It has a beautiful love story, even though you know it won’t end well:

“If I could have had just five more minutes with you, I would have kissed you until our lips ached, and I would have told you I’ve loved you from the moment you fixed my camera on those church steps when we were little kids…Thank you for coming back into my life before my departure to the unknown.”

It’s critical:

The recruits climbed one by one beneath the vehicles’ canvas coverings with the precision of shiny bullets being loaded into a gun. The trucks would cart them off to their training camp, which was no doubt overrun with feverish, shivering flu victims. The boys who didn’t fall ill would learn how to kill other young men who were probably arriving at a German train station in their Sunday-best clothing at that very moment. 


Surely, though, I must have stolen into the future and landed in an H.G. Wells-style world – a horrific, fantastic society in which people’s faces contained only eyes, millions of healthy young adults and children dropped dead from the flu, boys got transported out of the country to be blown to bits, and the government arrested citizens for speaking the wrong words. Such a place couldn’t be real. And it couldn’t be the United States of America, “the land of the free and the home of the brave.”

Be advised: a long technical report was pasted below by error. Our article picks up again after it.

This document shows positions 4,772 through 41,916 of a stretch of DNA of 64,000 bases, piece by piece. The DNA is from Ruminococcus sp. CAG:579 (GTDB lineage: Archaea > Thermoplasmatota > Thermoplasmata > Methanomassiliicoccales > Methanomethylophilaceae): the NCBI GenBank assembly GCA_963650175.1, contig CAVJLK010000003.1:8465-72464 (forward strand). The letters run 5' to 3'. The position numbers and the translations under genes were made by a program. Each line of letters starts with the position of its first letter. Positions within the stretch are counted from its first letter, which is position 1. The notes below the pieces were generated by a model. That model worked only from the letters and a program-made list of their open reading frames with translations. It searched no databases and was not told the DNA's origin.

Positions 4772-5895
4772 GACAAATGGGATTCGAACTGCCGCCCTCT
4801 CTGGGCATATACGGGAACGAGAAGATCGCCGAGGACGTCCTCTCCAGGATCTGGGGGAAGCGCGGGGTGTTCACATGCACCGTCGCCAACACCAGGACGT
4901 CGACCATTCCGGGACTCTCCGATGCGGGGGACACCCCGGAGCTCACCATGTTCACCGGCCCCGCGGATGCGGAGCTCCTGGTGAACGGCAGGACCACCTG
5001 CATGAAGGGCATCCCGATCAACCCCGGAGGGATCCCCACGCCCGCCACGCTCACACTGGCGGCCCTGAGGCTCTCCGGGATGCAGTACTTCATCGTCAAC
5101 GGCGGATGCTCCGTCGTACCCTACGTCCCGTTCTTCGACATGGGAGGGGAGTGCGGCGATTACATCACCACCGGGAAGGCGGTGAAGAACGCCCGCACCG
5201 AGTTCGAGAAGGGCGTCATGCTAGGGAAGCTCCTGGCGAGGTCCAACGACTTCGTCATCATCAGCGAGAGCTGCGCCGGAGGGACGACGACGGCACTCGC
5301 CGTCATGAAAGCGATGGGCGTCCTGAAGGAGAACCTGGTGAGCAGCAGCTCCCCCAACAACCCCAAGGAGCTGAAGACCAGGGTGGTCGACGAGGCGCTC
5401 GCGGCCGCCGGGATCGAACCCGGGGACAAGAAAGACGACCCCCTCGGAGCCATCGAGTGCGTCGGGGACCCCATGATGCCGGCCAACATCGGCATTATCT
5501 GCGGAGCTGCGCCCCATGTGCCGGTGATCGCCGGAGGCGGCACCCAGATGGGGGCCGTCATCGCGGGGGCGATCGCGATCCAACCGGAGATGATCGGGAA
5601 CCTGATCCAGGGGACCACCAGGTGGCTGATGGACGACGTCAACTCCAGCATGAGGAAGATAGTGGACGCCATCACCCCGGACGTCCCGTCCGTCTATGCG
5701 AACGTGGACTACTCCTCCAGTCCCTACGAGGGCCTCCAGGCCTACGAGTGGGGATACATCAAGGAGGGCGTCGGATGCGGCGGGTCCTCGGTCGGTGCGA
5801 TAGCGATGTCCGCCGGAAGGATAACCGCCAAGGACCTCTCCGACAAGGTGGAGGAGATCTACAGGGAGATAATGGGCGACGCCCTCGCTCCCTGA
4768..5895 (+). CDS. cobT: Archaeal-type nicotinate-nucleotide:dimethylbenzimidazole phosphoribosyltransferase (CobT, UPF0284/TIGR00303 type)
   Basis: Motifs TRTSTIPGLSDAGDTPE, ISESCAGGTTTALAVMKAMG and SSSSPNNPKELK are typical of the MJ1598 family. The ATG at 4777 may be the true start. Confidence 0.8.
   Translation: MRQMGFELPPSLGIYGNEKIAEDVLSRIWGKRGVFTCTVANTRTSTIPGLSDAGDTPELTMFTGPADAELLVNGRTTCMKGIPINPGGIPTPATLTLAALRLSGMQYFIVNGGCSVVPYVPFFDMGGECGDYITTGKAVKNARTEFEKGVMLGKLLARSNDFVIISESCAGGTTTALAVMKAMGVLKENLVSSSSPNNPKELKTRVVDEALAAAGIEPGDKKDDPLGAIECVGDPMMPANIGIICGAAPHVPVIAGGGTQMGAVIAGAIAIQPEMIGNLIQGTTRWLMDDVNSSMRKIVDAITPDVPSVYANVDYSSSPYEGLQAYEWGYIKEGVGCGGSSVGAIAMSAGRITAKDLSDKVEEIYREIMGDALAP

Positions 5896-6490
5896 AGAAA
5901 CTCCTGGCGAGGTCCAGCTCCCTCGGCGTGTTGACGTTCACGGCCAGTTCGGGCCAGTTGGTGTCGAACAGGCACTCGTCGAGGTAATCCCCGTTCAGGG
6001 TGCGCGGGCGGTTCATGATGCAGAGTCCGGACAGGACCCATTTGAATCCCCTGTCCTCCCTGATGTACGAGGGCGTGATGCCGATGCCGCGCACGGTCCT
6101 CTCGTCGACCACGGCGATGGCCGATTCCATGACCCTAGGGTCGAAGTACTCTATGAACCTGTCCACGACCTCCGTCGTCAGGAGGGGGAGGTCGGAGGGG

But it was. I was on a train in my own country, in a year the devil designed. 1918.

6 thoughts on “Review: In the Shadow of Blackbirds – Cat Winters

  1. I ADORED THIS BOOK. It was written so beautifully and so heartclenchingly (if that’s even a word), and the ending really left a bittersweet taste in my mouth that made me a bit teary-eyed. Plus, it had its creepy moments, too, which the author was able to write without making it so cheesy. Have you read her more recent book about magicians?

    Faye at The Social Potato


    1. Heartclenchingly can totally be a word, haha – it captures the essence of what you’re trying to describe. I’ve read both of her YA books, and an ARC of her adult offering, The Uninvited. Quite frankly, I think I’m going to read anything and everything she writes – her style really works for me, and I love the inclusion of feminism, the supernatural and really interesting historical aspects.


  2. I absolutely adore the feminism of Cat Winters’ books. Her second one has even more of a feminist bent, and it’s glorious.

    Very much liking the comparison you drew to today’s society from In the Shadow of Blackbirds, because I didn’t think of it that way. We really haven’t changed that much, and it’s very sad. I feel like Winters is trying to change that, along with a bunch of YA authors writing really progressive stuff. :)


    1. Yes! I’ve read the second one as well – The Cure for Dreaming and absolutely loved it! I adore her writing style, with the combination of historical info, feminism and elements of fantasy. She’s definitely on my auto-buy list.